This chart looks like it makes sense, at least at first. We can measure how fast we can type, we can measure how many words we usually say per minute, we can measure how fast we can read, and we can compare those things. So far, so good. Where things start to get a bit goofy is in the orange and red bars. I’ll explain why.
The orange bar is supposed to be about thinking. Rhetorically, it’s supposed to support the point that we can often think of words to say faster than we can articulate or type them, which is true.
The problem with the orange bar is that we don’t actually understand what “thinking” is, but we can be fairly sure it’s not just the same thing as “thinking of words to type or say”. Thinking partakes in all kind of non-verbal symbolic and subterranean mental activity. We can think in numbers, images, melodies, and things we only know to call feelings or intuitions. It’s plain silly to compare thinking to speaking, reading, or typing for the purposes of measuring and comparing them.
The red bar is (as far as I can tell) supposed to reference the speed at which digital information can be transmitted, which would be mind-bogglingly fast compared to the other things on the chart, if you could compare them. The wifi in my apartment can download something like five megabytes per second if the servers on the other end are being nice, and the plain text version of Moby Dick on Project Gutenberg is only 1.2 megabytes, which means that with my cheap residential internet plan I could download five Moby Dicks per second.
What’s the problem with the red bar? My first impulse is to say that the problem is that Moby Dick expressed as a string of bytes is not the same thing as Moby Dick experienced by a reader. But I don’t think that’s quite sufficient as an explanation here. Let’s try this: the word communication means something different when applied to zeroes and ones than it does when applied to human language.
What even is information? What even is communication?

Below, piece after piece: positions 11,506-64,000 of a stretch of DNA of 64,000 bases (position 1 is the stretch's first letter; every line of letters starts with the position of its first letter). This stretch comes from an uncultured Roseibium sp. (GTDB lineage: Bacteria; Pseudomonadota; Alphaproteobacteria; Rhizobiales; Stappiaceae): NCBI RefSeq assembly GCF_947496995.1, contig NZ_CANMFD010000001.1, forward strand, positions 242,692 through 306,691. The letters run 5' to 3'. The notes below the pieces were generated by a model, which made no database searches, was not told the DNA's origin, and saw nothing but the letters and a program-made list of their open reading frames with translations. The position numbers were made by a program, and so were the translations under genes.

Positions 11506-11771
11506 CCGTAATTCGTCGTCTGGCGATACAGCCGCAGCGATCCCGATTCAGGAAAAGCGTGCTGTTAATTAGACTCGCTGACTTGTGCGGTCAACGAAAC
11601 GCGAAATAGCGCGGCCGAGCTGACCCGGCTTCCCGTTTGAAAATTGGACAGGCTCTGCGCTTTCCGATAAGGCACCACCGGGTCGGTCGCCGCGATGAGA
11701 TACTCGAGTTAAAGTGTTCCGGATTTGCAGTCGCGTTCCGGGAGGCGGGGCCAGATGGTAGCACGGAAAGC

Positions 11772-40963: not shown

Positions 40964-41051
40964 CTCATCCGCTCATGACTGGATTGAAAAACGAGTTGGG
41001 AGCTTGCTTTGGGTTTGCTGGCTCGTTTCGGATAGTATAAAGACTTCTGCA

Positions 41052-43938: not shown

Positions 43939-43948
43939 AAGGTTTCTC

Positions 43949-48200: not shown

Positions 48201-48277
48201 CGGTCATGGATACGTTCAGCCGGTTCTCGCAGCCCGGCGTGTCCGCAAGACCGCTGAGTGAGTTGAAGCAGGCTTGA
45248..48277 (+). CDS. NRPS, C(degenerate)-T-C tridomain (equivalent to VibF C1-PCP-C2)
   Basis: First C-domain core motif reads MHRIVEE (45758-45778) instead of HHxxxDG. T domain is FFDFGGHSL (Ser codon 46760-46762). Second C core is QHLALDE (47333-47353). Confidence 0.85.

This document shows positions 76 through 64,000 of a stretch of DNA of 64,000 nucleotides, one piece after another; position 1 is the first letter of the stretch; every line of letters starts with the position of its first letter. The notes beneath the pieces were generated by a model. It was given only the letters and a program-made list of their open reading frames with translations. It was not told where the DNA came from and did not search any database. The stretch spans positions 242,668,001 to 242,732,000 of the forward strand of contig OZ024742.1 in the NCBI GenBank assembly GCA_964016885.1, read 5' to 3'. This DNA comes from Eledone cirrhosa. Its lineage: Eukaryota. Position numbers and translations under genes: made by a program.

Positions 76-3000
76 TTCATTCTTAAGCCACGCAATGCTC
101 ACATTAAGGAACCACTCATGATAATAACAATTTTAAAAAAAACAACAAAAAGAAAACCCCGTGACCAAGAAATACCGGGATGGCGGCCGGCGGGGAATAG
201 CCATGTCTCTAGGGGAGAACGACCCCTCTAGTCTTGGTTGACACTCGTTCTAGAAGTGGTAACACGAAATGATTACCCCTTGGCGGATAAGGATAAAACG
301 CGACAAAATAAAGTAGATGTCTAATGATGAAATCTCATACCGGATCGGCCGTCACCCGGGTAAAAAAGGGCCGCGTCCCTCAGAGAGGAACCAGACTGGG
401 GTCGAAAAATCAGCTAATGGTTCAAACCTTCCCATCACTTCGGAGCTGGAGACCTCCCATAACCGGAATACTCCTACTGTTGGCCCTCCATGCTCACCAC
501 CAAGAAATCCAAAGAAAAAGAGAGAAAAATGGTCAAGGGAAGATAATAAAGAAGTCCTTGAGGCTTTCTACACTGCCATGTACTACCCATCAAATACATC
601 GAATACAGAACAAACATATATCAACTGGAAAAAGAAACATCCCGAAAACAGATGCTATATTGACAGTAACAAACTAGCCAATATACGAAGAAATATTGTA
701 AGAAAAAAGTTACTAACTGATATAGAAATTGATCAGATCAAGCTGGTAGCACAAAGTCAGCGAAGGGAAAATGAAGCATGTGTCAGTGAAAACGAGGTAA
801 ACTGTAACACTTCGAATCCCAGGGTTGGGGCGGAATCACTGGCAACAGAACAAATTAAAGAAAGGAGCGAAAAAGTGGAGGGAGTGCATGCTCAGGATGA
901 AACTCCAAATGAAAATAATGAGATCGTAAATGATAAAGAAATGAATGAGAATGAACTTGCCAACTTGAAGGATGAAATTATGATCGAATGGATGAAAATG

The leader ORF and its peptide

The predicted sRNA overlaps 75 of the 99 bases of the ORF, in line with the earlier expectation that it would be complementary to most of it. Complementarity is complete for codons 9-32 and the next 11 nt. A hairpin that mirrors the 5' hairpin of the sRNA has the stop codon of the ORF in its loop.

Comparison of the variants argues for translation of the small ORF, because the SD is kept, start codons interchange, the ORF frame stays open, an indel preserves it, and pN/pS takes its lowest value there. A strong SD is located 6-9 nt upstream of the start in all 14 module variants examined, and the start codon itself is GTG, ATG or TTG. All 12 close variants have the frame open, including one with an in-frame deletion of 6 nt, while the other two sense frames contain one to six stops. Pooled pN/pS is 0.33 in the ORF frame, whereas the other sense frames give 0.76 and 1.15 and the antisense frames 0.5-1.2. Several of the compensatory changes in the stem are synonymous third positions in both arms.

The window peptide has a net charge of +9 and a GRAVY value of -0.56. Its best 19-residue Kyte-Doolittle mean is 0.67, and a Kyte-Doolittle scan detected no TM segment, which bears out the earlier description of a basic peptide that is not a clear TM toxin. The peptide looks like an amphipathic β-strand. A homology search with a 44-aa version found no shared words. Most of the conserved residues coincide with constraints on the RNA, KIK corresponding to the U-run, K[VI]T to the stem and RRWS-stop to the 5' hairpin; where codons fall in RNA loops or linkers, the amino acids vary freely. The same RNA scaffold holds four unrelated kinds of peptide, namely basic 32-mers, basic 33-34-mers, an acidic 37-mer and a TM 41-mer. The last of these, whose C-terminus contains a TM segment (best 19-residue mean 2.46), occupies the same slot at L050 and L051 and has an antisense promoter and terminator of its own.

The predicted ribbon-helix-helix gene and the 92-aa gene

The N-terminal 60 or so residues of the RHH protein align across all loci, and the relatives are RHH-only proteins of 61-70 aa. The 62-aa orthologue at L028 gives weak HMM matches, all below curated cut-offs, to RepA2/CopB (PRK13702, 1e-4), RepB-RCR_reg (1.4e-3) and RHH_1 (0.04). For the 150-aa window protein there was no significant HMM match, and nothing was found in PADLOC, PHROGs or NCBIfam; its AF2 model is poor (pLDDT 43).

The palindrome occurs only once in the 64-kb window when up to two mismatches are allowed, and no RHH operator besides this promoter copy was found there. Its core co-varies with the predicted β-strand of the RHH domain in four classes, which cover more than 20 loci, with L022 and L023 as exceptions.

Paul Duguid, a professor at UC Berkeley, wrote a paper called “The Ageing of Information: From Particular to Particulate”. One thing he does in this paper is take us back through the history of the idea of information.
. . .in the latter part of [the 18th] century an Anglican divine and essayist, Vicesimus Knox (1752–1821), declared his to be the “age of information.” How should we read this prior appropriation of the phrase?
Duguid argues that in the 18th century people’s ideas about information shifted “from youthful enthusiasm to aged suspicion and circumspection”, and that a similar thing has happened in the 20th century. The “youthful enthusiasm” phase of ideas about information seems to have been a bit different the first time around, in the 18th century, though. Duguid notes the surprising meanings that 18th-century writers gave the word:
In his “Epistle to the reader” of the Essay Concerning Human Understanding, John Locke noted self-deprecatingly that the work was “not meant for those that had already Mastered the Subject . . . but for my own Information.” Here Locke . . . used information more as we might use instruction, education, ratiocination, or even enlightenment, as the process that leads to Locke’s central concern, a state of “understanding.” In a similar vein, Francis Bacon had earlier discussed how experiments “assist . . . the information of the understanding” and people often wrote of the “source,” “means,” “mode,” or “method” of information—all suggesting that, information was the mental response to a stimulus, rather than, as it would become, the stimulus itself.